Consent is a voluntary, sober, enthusiastic, informed, mutual, honest and verbal agreement. It is an active agreement and cannot be coerced. Consent is a process which must be asked for every step of the way; if you want to move to the next level of sexual intimacy, just ask! Consent is never implied and cannot be assumed, even in a relationship. Just because you are dating a person does not mean that you have natural permission to have sex with your partner. A PERSON WHO IS INTOXICATED CANNOT LEGALLY GIVE CONSENT. If you are too drunk to make decisions and communicate with your partner, you are too drunk to give consent. The absence of a “no” does not mean “yes”. both people should be involved in the decision to have sex!

Communication, respect and honesty make sex and relationships better. Asking for and getting consent shows that you have respect for both yourself and your partner. Positive views on sex and sexuality are empowering. The idea of consent helps to question traditional views about gender and sexuality and asking for it eliminates the entitlement that one partner may feel over the other. Neither your body nor your sexuality belongs to anyone else but you! And it is normal and healthy for women to expect to be included in the consent process.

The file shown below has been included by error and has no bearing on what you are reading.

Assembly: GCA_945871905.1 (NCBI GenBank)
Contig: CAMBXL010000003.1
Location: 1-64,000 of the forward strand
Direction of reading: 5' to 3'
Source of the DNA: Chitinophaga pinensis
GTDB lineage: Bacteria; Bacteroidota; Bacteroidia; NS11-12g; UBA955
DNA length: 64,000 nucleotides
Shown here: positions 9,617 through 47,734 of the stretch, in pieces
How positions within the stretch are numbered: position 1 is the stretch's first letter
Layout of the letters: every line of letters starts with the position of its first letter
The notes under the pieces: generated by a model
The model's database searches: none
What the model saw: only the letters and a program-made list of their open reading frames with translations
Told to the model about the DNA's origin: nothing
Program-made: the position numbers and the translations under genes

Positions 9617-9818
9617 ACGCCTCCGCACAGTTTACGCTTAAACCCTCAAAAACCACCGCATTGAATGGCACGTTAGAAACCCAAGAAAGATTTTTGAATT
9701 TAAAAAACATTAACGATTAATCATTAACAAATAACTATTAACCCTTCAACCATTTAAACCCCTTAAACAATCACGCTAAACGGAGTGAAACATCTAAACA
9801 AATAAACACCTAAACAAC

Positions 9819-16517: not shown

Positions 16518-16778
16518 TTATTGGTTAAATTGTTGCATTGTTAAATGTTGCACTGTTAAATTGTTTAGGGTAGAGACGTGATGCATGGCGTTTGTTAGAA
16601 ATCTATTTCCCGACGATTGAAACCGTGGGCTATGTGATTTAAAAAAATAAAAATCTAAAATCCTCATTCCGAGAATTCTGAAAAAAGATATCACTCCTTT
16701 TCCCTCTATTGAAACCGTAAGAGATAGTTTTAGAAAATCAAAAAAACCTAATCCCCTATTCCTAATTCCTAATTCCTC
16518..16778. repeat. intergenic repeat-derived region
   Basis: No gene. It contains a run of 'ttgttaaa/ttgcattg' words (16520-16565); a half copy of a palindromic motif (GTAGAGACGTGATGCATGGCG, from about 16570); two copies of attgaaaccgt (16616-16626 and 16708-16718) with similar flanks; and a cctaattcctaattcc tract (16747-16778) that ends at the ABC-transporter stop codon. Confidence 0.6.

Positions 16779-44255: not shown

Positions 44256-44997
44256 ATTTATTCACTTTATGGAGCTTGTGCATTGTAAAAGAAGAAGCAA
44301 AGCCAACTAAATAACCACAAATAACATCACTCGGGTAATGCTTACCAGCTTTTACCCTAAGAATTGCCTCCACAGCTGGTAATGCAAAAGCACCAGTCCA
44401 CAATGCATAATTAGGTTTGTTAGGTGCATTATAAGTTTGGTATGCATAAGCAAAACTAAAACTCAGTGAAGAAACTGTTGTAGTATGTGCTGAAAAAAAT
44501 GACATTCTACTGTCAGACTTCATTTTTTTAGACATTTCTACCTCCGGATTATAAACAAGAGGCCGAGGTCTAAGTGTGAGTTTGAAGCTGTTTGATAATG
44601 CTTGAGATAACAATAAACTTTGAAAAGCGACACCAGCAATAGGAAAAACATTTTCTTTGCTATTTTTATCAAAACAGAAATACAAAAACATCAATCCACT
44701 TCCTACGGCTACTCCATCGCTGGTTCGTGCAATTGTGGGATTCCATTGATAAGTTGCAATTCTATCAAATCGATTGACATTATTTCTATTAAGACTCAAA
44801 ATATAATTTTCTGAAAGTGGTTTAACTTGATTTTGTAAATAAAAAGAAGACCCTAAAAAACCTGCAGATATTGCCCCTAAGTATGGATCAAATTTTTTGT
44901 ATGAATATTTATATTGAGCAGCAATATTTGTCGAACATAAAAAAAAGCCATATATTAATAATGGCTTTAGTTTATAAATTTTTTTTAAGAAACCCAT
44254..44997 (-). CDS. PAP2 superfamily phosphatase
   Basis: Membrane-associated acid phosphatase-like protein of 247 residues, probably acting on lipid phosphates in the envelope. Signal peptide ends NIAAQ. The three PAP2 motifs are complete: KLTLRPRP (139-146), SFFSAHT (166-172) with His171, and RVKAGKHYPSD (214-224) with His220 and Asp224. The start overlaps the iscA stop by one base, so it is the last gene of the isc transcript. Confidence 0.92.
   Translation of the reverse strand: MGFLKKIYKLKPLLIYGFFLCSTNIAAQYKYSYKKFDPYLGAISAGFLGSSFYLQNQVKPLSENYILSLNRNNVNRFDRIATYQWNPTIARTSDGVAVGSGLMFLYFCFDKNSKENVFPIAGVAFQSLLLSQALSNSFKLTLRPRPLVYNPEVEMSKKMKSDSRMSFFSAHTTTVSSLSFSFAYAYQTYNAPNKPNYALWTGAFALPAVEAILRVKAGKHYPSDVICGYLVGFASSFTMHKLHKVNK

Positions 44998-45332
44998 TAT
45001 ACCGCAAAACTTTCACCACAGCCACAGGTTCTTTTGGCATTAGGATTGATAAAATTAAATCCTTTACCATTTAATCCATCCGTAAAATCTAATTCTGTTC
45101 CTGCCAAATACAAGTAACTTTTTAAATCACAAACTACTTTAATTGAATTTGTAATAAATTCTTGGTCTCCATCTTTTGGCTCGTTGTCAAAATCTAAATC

You should ask for consent before you act! It is the responsibility of the person initiating sexual activity to obtain clear consent. If you are unsure if consent is given, ASK! And keep asking; giving consent ahead of time does not waive a person’s right to change their mind or say no later.

Consent is not just about getting a yes or no answer, but about understanding what a partner is feeling. Ask open-ended questions, and listen to and respect your partner’s response, whether you hear yes or no: “I’d really like to.. how does that sound to you?” “How does this feel?” “What would you like to do?”

(Information in this section taken from West Virginia Foundation for Rape Information and Services,